Something to ponder during Holy Week: gossip


(Editor’s note: Father Stephen Page, pastor of St. Thomas More Parish, Coralville, gave the following homily on Passion Sunday, also known as Palm Sunday, March 29, 2015.)

According to The Old Farmer’s Almanac, the vernal, or spring, equinox began Friday, March 20 at 5.45 p.m. Central Standard Time. And with the official beginning of spring, there will be soon the spring tornadoes and storms.

Fr. Page

Storms come to every­one. There are the usual storms that move in and soon depart. Then there are storms of such magnitude that you feel as if all will be lost and there is nothing much that can be done, except wait it out.

In the fury and the drama of the Passion account two individuals stand out in this storm that might not usually get much attention: the poor nameless woman with the costly perfume and Pilate, at the other end of the social spectrum.


• The woman “wasted: something costly and rare by breaking the jar and pouring it all over Jesus. While others sat in shock or grumbled about a better use, Jesus gives praise. She offers, if you will, a short respite before the storm hits home.
In the very short course of our earthly existence, who has blessed you or me recently? I’m sure we’ve all experienced being cursed or sworn at, either earned or not. But who among us has “anointed” others: spouse, children, co-workers, supervisor, friends or church member with love, or kindness or good deeds?
As we enter into this most sacred season of our Catholic faith … ponder, reflect, confess. Which have we chosen with the anointing of our words and actions?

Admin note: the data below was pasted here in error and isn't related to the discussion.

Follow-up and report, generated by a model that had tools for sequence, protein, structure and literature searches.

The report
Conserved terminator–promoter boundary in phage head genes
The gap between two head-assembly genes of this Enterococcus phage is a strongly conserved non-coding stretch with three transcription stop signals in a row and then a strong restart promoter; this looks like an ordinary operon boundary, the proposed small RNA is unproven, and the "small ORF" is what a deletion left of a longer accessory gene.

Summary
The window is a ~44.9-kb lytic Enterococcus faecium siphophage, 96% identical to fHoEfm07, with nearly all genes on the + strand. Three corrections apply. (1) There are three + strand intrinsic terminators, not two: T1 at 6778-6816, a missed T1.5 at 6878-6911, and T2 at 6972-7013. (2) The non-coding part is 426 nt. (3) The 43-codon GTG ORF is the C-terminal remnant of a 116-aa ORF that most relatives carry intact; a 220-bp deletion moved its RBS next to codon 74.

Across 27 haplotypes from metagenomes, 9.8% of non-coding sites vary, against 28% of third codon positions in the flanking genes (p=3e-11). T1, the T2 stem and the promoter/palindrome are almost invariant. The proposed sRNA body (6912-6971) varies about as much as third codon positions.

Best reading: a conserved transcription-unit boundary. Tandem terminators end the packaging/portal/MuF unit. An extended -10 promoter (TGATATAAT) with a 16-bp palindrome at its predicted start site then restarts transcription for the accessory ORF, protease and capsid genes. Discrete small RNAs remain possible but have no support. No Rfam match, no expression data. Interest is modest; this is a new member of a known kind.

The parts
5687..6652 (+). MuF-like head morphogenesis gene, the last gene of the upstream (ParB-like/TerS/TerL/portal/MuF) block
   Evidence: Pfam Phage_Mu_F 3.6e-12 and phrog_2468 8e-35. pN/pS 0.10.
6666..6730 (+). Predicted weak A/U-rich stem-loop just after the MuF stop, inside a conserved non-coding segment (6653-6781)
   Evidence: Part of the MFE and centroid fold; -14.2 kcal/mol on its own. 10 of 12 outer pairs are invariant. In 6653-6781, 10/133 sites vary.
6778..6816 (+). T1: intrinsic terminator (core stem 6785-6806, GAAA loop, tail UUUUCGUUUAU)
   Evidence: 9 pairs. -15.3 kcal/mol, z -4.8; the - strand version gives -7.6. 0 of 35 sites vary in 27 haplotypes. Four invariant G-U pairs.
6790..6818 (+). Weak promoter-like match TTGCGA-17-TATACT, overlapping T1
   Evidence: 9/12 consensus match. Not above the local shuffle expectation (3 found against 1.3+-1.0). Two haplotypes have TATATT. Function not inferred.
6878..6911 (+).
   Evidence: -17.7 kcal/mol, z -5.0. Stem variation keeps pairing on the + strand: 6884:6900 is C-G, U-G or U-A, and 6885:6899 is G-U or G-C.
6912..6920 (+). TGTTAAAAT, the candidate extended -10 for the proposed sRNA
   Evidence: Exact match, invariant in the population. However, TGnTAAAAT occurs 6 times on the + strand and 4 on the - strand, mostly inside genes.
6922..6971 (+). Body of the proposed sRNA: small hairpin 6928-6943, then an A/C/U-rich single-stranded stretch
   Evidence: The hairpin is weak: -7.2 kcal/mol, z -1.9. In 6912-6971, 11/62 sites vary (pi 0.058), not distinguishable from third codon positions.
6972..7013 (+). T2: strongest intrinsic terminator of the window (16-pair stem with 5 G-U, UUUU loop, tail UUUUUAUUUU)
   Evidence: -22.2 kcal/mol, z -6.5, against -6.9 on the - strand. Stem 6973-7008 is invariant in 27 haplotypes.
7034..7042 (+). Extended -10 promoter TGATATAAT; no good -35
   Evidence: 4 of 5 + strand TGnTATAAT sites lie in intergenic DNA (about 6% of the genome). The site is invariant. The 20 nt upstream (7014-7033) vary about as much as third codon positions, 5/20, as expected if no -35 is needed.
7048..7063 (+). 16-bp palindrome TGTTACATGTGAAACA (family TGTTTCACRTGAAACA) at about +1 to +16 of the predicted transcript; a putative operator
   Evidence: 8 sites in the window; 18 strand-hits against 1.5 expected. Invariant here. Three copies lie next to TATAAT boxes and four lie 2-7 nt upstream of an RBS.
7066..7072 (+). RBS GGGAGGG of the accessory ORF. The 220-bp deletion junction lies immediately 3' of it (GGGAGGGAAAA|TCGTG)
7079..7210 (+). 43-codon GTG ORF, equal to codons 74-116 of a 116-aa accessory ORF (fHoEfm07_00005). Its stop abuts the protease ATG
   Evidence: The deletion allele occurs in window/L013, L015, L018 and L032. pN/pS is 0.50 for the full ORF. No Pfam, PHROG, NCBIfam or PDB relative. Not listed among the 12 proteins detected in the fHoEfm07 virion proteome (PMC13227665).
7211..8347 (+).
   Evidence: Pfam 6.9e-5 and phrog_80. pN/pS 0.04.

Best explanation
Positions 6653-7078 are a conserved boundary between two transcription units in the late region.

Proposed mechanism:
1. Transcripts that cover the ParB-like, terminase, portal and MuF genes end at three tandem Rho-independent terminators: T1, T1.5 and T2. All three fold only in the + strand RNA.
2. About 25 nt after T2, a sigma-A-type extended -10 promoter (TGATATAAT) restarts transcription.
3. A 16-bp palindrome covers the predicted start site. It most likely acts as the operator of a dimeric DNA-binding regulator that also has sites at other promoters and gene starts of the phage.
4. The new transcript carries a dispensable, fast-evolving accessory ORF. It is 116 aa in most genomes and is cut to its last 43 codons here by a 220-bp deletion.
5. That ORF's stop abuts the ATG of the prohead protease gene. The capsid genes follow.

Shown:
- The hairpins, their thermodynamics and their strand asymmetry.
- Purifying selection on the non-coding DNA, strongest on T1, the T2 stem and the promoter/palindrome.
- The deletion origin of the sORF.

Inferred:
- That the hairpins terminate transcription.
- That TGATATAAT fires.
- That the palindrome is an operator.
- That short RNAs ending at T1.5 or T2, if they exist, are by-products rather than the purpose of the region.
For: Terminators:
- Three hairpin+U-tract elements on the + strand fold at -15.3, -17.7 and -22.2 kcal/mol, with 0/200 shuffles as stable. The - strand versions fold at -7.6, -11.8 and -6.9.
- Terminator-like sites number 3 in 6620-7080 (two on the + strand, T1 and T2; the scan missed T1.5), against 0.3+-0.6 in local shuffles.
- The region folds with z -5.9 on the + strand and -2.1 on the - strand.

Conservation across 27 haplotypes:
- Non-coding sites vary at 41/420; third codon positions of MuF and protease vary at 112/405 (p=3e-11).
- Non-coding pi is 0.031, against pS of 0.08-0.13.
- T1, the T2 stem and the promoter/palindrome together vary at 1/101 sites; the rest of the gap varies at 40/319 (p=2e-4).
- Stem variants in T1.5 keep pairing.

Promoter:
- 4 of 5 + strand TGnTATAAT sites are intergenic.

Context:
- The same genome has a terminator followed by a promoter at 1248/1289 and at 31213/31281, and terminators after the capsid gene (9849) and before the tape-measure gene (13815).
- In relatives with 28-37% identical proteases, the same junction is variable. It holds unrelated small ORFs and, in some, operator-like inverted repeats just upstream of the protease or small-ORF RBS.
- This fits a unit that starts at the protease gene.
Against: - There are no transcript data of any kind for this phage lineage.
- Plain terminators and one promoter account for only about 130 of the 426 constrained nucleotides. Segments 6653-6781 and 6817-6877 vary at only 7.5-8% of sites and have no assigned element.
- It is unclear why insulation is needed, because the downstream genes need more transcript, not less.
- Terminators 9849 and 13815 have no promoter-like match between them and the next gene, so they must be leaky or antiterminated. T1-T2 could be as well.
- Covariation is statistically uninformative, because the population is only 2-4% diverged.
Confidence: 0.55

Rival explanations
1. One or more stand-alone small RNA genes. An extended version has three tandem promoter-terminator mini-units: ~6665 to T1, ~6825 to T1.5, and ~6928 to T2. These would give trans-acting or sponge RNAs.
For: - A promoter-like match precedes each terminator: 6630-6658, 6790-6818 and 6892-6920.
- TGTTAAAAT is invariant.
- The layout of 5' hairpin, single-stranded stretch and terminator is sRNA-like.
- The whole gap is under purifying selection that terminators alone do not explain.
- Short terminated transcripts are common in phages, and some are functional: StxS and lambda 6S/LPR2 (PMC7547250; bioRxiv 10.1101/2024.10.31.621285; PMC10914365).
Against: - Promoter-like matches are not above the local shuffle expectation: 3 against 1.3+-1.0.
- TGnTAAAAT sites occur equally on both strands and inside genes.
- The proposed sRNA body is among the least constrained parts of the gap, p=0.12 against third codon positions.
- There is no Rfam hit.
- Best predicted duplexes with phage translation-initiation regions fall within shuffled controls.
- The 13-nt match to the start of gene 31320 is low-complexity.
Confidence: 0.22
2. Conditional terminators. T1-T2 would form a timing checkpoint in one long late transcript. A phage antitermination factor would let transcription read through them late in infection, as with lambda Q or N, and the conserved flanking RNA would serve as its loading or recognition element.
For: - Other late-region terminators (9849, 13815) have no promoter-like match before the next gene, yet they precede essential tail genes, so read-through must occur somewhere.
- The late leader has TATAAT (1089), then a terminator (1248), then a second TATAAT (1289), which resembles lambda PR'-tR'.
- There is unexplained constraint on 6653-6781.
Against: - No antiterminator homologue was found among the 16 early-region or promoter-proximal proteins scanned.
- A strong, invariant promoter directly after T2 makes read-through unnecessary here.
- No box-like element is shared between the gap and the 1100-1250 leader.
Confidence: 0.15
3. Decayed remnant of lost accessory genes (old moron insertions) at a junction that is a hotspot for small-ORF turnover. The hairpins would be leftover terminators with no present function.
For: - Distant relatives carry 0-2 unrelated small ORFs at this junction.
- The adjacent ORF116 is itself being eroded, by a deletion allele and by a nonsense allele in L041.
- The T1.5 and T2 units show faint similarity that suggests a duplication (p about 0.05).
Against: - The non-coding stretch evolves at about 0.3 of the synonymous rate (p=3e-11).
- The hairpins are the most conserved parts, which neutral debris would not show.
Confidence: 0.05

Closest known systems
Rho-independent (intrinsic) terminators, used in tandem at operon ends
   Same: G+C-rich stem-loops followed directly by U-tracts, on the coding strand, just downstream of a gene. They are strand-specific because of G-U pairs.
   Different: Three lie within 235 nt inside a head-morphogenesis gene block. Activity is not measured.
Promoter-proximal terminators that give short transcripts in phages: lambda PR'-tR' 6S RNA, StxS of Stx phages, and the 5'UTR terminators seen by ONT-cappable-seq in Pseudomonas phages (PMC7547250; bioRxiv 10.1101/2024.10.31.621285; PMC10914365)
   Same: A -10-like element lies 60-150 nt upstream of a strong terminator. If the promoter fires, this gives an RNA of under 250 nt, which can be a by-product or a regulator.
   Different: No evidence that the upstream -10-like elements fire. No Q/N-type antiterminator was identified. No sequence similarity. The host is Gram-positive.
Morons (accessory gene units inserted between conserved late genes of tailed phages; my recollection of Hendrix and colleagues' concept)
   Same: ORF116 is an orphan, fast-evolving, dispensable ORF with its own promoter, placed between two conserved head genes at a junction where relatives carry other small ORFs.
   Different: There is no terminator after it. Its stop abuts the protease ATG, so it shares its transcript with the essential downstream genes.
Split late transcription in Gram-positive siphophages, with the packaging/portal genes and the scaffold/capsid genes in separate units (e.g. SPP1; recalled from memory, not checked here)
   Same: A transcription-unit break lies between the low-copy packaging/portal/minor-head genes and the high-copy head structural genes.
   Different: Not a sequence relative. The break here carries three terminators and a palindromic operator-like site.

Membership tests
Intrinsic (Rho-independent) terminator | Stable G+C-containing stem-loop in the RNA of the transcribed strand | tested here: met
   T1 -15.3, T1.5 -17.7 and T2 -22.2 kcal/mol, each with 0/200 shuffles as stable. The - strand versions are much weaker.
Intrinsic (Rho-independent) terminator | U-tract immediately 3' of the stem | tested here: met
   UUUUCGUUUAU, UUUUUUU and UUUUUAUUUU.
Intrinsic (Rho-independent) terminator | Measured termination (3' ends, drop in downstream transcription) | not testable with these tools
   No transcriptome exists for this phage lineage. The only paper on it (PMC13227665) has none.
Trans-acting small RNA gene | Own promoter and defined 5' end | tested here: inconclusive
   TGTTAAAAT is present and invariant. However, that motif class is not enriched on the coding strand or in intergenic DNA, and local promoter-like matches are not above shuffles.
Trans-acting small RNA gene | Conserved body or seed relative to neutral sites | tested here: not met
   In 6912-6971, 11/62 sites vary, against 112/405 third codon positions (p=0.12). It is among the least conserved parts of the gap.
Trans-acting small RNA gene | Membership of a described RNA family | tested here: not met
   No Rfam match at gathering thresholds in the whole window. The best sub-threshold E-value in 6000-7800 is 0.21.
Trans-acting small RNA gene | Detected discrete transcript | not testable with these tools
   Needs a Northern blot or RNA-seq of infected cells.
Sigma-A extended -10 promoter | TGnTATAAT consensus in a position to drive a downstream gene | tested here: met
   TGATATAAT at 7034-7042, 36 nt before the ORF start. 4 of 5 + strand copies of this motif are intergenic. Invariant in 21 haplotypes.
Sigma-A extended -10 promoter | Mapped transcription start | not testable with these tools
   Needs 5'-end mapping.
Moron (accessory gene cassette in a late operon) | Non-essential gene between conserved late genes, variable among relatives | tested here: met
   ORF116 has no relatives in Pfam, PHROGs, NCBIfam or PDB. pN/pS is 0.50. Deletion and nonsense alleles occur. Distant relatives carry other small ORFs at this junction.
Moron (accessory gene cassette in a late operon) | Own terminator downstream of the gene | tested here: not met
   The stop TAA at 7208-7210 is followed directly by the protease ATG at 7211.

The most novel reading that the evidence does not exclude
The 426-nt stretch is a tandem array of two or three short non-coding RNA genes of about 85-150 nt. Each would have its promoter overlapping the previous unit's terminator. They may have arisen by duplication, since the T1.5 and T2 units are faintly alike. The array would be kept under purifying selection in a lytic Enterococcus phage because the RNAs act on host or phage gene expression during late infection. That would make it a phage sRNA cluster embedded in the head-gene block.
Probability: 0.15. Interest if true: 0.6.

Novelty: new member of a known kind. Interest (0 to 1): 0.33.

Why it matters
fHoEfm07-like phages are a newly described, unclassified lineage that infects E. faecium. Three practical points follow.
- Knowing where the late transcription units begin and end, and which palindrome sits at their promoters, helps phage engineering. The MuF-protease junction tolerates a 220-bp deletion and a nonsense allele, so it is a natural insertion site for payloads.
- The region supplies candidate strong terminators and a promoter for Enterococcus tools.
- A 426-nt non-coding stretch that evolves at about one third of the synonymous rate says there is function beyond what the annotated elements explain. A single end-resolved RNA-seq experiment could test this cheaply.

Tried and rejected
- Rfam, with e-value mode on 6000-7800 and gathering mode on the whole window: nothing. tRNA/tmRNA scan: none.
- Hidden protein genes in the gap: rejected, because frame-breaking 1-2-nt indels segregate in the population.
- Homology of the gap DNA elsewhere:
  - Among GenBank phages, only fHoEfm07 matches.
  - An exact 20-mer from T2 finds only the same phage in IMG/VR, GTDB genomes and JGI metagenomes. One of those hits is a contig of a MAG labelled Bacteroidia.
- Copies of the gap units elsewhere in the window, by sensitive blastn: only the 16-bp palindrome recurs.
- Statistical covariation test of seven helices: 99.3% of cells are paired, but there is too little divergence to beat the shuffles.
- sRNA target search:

• And Pilate, dear Pontius Pilate. A brief reading of Roman history tells that Pilate was a political climber. His only earthly ambition was to make “THE” name and claim for him­self. Politically backing the wrong horse, where does he wind up? In the turbulent back water of the Empire with a bunch of contentious, religious zealots.
Here, as the Gospel implies, Pilate listened to gossip. He didn’t want to know the truth or, if he did, he was swayed by gossip. Let’s face it: Pilate isn’t the only one in the story of human life. Isn’t gossip delicious? Tangy? Enticing? Gossip is one way to passively exert power and control, right? Isn’t it easy to fall into a pattern of repeating stuff that is only half true or just plain rumor? Stuff that can cause some real damage? We can always justify it by saying: “others need to know about this.”

Bottom line: our tongues have the power to ruin a person’s character and wound their spirits — if not condemn someone to some type of death. So unlike Pilate, perhaps we could all practices some “C T N:”

• Call yourself to accountability, before the tongue puts forth verbal toads, vipers and sewage.

• Think, ponder, reflect and question, before words leave our mouths. Aren’t Christians called to build up the body of Christ? Isn’t gossip a form of character assassination or verbal terrorism?

• NEVER say something about someone you won’t say to their face. Ask them or give them the benefit of the doubt or the chance to explain. Or simply hit our personal mute button.

Where do Facebook, instant message, the mobile phone and email come into play? And whether we are young or old isn’t gossip a horrid form of bullying?

When the devastating storms of life slam into our lives it is challenging and emotional and difficult to maintain a view of the bigger picture. Both of these two individuals heard about Jesus. So we ask:

Who will you and I be, today, tomorrow, after Easter Sunday? The “anointer or the one who condemns because of the cancer of gossip? Something to ponder as we enter Holy Week this Passion Sunday.

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